miércoles, 30 de marzo de 2011
What is neuroblastoma?
Neuroblastoma is a type of cancer that most often affects children. Neuroblastoma occurs when immature nerve cells called neuroblasts become abnormal and multiply uncontrollably to form a tumor. Most commonly, the tumor originates in the nerve tissue of the adrenal gland located above each kidney. Other common sites for tumors to form include the nerve tissue in the abdomen, chest, neck, or pelvis. Neuroblastoma can spread (metastasize) to other parts of the body such as the bones, liver, or skin.
Individuals with neuroblastoma may develop general signs and symptoms such as irritability, fever, tiredness (fatigue), pain, loss of appetite, weight loss, or diarrhea. More specific signs and symptoms depend on the location of the tumor and where it has spread. A tumor in the abdomen can cause abdominal swelling. A tumor in the chest may lead to difficulty breathing. A tumor in the neck can cause nerve damage known as Horner syndrome, which leads to drooping eyelids, small pupils, sweating, and red skin. Tumor metastasis to the bone can cause bone pain, bruises, pale skin, or dark circles around the eyes. Tumors in the backbone can press on the spinal cord and cause weakness, numbness, or paralysis in the arms or legs. A rash of bluish or purplish bumps that look like blueberries indicates that the neuroblastoma has spread to the skin.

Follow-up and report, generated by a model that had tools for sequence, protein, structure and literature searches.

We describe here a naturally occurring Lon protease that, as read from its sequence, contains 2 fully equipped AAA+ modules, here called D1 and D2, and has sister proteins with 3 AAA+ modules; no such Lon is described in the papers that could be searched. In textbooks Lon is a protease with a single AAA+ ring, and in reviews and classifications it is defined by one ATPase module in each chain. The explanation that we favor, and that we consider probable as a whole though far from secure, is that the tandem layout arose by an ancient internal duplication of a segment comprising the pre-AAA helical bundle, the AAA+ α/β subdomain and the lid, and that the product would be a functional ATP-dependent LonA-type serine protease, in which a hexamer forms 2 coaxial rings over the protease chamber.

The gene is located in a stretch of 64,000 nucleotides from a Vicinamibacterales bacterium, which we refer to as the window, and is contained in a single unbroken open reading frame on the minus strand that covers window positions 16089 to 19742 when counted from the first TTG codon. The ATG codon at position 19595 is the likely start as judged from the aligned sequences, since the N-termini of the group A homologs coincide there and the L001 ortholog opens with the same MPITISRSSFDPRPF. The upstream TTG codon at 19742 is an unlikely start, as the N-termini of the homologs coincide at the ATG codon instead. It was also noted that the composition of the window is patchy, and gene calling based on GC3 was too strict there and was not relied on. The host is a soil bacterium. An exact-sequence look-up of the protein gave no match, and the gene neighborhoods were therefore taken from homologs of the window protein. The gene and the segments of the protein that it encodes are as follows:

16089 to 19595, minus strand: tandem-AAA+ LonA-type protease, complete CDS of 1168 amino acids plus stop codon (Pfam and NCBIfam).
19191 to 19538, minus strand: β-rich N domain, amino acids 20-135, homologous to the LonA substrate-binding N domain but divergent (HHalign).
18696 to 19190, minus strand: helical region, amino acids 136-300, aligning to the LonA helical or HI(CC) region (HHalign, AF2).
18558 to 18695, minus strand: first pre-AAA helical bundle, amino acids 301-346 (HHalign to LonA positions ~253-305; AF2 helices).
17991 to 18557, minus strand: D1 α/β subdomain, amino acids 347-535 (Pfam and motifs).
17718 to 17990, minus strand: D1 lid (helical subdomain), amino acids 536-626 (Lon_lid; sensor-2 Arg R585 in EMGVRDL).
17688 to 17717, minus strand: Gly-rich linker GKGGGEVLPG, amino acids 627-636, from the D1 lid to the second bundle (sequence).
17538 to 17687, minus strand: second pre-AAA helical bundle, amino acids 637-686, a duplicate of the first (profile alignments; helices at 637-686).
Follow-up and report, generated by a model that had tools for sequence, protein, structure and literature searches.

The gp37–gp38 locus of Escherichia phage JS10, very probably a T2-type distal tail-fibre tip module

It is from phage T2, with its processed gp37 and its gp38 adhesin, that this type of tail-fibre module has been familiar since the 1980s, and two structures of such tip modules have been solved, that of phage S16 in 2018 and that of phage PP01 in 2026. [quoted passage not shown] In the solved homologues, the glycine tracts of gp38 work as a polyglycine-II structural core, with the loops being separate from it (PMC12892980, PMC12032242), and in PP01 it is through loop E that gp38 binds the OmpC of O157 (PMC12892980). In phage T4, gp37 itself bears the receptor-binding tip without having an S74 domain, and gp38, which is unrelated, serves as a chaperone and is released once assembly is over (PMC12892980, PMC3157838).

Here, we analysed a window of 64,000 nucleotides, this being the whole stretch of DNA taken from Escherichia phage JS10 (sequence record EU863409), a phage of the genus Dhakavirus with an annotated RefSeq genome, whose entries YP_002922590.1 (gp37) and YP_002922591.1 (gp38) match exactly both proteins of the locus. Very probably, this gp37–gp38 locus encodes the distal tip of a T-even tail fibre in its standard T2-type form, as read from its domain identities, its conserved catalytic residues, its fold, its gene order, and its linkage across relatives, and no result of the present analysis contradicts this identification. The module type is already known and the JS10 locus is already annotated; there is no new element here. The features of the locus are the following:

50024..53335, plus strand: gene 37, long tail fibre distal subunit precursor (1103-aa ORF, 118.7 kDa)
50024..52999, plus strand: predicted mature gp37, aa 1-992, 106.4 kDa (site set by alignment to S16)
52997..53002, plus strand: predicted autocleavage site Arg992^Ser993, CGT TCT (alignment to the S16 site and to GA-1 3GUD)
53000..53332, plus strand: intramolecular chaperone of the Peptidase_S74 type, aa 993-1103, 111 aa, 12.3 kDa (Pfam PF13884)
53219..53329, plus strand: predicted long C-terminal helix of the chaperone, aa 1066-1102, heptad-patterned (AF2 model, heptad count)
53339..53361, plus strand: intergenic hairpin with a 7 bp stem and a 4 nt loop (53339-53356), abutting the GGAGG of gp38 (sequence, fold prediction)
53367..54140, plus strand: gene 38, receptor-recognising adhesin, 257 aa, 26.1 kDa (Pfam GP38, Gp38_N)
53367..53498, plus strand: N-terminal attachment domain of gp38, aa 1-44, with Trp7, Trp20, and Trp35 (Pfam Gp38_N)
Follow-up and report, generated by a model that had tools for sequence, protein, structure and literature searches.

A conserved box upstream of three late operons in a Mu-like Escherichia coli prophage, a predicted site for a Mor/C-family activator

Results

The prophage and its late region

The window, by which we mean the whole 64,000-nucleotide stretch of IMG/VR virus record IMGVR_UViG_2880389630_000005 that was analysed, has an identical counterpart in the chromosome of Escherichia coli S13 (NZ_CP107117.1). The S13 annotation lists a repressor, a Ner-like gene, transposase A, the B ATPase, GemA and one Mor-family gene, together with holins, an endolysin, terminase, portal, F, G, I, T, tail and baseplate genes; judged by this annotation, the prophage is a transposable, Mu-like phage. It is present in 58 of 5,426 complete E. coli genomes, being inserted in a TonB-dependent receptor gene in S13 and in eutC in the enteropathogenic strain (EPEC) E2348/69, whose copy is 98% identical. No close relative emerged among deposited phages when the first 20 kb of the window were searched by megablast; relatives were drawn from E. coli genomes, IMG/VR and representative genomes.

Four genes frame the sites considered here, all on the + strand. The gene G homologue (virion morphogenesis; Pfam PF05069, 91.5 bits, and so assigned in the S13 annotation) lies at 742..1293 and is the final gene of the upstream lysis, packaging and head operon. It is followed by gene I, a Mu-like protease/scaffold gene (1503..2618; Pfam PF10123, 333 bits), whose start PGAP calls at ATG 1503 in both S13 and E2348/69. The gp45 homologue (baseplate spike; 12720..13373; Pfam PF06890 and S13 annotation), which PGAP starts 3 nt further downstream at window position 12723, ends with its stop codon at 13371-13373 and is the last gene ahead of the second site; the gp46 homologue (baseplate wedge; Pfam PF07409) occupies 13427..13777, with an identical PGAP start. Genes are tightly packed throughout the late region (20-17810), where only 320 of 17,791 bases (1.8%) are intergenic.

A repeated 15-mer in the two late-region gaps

In addition, neuroblastoma tumors can release hormones that may cause other signs and symptoms such as high blood pressure, rapid heartbeat, flushing of the skin, and sweating. In rare instances, individuals with neuroblastoma may develop opsoclonus myoclonus syndrome, which causes rapid eye movements and jerky muscle motions. This condition occurs when the immune system malfunctions and attacks nerve tissue.
Neuroblastoma occurs most often in children before age 5 and rarely occurs in adults.
Neuroblastoma - Genetics Home Reference